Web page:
Naomi Osaka Sued By Ex-Coach Who Says He's Entitled To 20% Of Her Tennis Prize Millions And Endorsement Deals Forever

INDIAN WELLS, CALIFORNIA - MARCH 07: Naomi Osaka of Japan fields questions from the media at a press conference during the BNP Paribas Open at the Indian Wells Tennis Garden on March 07, 2019 in Indian Wells, California. (Photo by Matthew Stockman/Getty Images)

Naomi Osaka Sued By Ex-Coach Who Says He's Entitled To 20% Of Her Tennis Prize Millions And Endorsement Deals Forever

Osaka's lawyer, Alex Spiro, said her former junior coach's claims were "absurd."

Published March 20th

Naomi Osaka is reportedly facing a multi-million-dollar lawsuit by her former coach, who says the Grand Slam champion owes him 20 percent of her career earnings, reported the Florida Sun-Sentinel.

In 2011, Christophe Jean was hired by Osaka’s father to be a junior coach for her and her sister, Mari, the lawsuit states. Jean claimed Osaka’s father, Leonard Francois, was unable to pay for the coaching, so they created a contract granting Jean 20 percent of her prize money and endorsements for an “indefinite” period.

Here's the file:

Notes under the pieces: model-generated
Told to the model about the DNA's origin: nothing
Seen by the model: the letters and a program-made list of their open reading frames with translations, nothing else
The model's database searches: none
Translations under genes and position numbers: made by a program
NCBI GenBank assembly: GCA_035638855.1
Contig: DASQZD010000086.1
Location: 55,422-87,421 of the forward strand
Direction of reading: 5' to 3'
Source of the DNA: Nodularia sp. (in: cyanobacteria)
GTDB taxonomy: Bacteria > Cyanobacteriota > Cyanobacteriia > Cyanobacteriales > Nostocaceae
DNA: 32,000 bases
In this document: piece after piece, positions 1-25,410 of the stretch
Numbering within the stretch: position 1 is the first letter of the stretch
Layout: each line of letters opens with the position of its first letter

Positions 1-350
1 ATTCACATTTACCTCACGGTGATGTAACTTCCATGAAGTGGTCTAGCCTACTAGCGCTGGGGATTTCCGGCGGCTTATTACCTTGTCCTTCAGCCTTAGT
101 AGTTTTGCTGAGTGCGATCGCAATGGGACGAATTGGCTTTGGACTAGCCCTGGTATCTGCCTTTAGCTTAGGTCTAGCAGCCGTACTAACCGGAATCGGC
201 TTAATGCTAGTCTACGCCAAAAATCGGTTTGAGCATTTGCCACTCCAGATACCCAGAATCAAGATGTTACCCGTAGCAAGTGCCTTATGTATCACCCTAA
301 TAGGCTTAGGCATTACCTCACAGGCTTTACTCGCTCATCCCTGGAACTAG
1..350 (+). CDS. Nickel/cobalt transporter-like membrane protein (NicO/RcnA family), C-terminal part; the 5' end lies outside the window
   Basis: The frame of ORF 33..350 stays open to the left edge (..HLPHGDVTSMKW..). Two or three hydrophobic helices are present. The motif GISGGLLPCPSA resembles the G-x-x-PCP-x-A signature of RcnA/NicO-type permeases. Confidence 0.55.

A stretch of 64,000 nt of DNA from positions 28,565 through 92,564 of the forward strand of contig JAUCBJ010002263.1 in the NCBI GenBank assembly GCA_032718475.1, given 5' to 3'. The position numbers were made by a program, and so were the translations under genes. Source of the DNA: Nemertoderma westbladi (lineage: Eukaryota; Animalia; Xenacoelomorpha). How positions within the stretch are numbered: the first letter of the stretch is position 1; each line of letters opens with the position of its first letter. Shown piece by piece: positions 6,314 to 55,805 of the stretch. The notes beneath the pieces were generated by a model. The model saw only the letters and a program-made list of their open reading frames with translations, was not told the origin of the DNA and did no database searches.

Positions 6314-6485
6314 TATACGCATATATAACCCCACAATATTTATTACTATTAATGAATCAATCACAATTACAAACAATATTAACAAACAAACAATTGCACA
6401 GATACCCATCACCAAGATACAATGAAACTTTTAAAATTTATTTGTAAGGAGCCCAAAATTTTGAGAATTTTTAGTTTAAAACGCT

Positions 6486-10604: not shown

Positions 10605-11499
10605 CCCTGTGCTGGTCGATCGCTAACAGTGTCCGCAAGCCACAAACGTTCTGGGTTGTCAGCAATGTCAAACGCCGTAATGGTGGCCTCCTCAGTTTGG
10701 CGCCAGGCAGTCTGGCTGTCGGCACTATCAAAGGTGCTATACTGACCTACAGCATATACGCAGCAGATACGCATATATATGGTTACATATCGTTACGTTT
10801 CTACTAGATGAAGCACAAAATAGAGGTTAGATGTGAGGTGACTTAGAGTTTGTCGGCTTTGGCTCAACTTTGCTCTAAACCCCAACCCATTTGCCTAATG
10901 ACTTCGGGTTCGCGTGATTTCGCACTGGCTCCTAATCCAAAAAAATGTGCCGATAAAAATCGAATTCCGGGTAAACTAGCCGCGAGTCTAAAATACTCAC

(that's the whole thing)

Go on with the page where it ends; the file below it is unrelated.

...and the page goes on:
Now, Jean says he is entitled to at least $2 million of the $10.8 million prize money Osaka, 21, collected during her career.

“Both parties agree on a fixed fee of twenty percent or monetary agreement on behalf of Marie [sic] Osaka and Naomi Osaka,’’ a central clause reads in the contract reads, according to the lawsuit.

Although Jean’s lawyer, Christopher Hahn, says the contract is legal and binding, Osaka’s lawyer, Alex Spiro, called the alleged contract “absurd.”

“While it comes as no surprise that Naomi's meteoric rise as an international icon and inspiration would lead to some false claim, this silly, imaginary contract that Naomi never saw or signed — which purports to give away part of herself at the age of 14 — is particularly absurd,” Spiro told the Florida Sun-Sentinel.

Additionally, a number of people on The Shade Room said they find the lawsuit "riduculous" and believe the coach is trying to take advantage of Osaka's success.

Jean coached the girls for two years until they stopped showing up for practice. Other tennis professionals including Patrick Tauma and Sascha Bajin then coached Osaka. In March, Osaka hired Jermaine Jenkins, a former hitting coach for Venus Williams, as her new coach, reported ESPN.

Osaka’s career quickly drew global attention after she became the 10th woman in history to win the U.S. Open and Australian Open back to back, reported Japan Times.

Written by BET Staff

(Photo: Matthew Stockman/Getty Images)

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